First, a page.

He had his firearm in front of him, he heard a movement inside the toilet and thought whoever was inside was coming out to attack him.

    'Before I knew it, I had fired four shots at the door,' he said.

    The judge said she did not accept that Mr Pistorius fired the gun by accident or before he knew what was happening. She said he had armed himself with a lethal weapon and clearly wanted to use it. The other question, she said, was why he fired not one, but four shots before he ran back to the room to try to find Ms Steenkamp.

  • Bedroom


    Mr Pistorius said he went back to the bedroom and noticed that Ms Steenkamp was not there.

    Mr Pistorius said this was when he realised she could have been in the toilet and rushed back to the bathroom.

  • Toilet door


    Mr Pistorius said he screamed for help and went back to the bathroom where he found the toilet was locked. He returned to the bedroom, pulled on his prosthetic legs and turned on the lights before bashing in the toilet door with a cricket bat.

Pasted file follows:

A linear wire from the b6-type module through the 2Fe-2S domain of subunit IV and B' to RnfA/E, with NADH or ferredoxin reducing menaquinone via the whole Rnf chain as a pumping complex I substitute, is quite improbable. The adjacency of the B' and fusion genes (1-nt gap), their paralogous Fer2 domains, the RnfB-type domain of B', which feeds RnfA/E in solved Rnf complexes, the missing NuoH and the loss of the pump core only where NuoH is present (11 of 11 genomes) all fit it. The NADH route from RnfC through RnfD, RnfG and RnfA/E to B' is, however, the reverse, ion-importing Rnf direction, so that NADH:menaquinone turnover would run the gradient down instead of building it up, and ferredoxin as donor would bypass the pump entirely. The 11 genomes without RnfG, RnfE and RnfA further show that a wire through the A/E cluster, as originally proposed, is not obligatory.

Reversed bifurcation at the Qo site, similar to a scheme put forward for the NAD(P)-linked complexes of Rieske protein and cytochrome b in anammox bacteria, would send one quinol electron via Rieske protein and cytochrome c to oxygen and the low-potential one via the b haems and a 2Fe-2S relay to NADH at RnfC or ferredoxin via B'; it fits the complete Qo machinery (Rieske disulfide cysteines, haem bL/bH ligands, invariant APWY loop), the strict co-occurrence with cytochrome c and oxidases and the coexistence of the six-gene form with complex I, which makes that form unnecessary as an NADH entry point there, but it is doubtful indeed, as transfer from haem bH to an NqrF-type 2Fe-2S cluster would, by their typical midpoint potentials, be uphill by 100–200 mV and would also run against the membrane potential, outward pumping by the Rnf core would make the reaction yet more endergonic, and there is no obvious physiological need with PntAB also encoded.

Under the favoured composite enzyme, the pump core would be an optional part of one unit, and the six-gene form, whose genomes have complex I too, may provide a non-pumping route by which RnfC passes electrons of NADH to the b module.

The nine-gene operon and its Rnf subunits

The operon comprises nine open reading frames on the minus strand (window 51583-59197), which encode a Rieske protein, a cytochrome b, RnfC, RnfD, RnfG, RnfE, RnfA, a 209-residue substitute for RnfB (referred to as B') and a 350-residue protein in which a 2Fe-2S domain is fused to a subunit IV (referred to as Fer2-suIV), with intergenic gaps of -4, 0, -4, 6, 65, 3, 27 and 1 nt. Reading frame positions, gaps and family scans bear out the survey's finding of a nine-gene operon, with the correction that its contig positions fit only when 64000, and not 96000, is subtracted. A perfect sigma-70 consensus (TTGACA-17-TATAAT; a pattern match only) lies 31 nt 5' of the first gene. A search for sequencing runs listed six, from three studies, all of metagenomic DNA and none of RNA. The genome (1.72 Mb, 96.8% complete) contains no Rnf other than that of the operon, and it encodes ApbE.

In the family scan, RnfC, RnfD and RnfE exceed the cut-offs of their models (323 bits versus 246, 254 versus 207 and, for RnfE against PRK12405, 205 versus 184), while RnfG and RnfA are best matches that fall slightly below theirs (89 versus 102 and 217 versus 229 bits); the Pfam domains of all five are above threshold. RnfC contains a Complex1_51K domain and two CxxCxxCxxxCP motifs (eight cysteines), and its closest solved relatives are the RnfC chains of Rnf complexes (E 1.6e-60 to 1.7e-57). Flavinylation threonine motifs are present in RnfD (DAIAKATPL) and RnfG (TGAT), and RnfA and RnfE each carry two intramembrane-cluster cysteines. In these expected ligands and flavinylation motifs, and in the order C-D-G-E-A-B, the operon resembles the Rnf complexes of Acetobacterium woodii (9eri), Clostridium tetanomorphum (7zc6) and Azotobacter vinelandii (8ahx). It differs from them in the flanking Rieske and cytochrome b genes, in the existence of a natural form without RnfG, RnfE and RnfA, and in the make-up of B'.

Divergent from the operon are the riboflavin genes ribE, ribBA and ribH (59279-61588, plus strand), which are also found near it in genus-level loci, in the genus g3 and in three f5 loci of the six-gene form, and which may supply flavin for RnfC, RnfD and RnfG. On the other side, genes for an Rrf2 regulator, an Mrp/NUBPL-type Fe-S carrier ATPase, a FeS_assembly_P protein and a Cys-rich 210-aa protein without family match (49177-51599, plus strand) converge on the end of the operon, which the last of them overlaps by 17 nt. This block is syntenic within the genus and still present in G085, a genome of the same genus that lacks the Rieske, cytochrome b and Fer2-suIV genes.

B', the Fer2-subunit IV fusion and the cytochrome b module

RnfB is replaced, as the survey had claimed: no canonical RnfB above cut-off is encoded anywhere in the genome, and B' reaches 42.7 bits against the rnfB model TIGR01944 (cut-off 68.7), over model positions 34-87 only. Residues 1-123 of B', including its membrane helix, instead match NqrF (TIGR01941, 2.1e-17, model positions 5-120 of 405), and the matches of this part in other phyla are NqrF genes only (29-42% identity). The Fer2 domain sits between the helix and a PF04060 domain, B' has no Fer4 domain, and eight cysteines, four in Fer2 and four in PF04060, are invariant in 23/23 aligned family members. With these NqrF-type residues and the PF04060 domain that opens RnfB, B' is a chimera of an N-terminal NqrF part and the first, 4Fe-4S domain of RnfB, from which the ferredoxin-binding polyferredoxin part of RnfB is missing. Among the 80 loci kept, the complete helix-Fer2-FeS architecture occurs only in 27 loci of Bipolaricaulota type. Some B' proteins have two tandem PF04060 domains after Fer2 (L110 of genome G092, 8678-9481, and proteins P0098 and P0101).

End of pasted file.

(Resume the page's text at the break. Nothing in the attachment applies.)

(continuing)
When the door panel broke, he found the key and unlocked the door and found Ms Steenkamp slumped on the floor with her head on the toilet bowl. He then carried her downstairs, where he was met by neighbours.

3D animation of the apartment

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Media captionNote: 3D model based on floor plan presented at Pretoria Magistrates' Court in 2013, Agencies and Eyewitness News.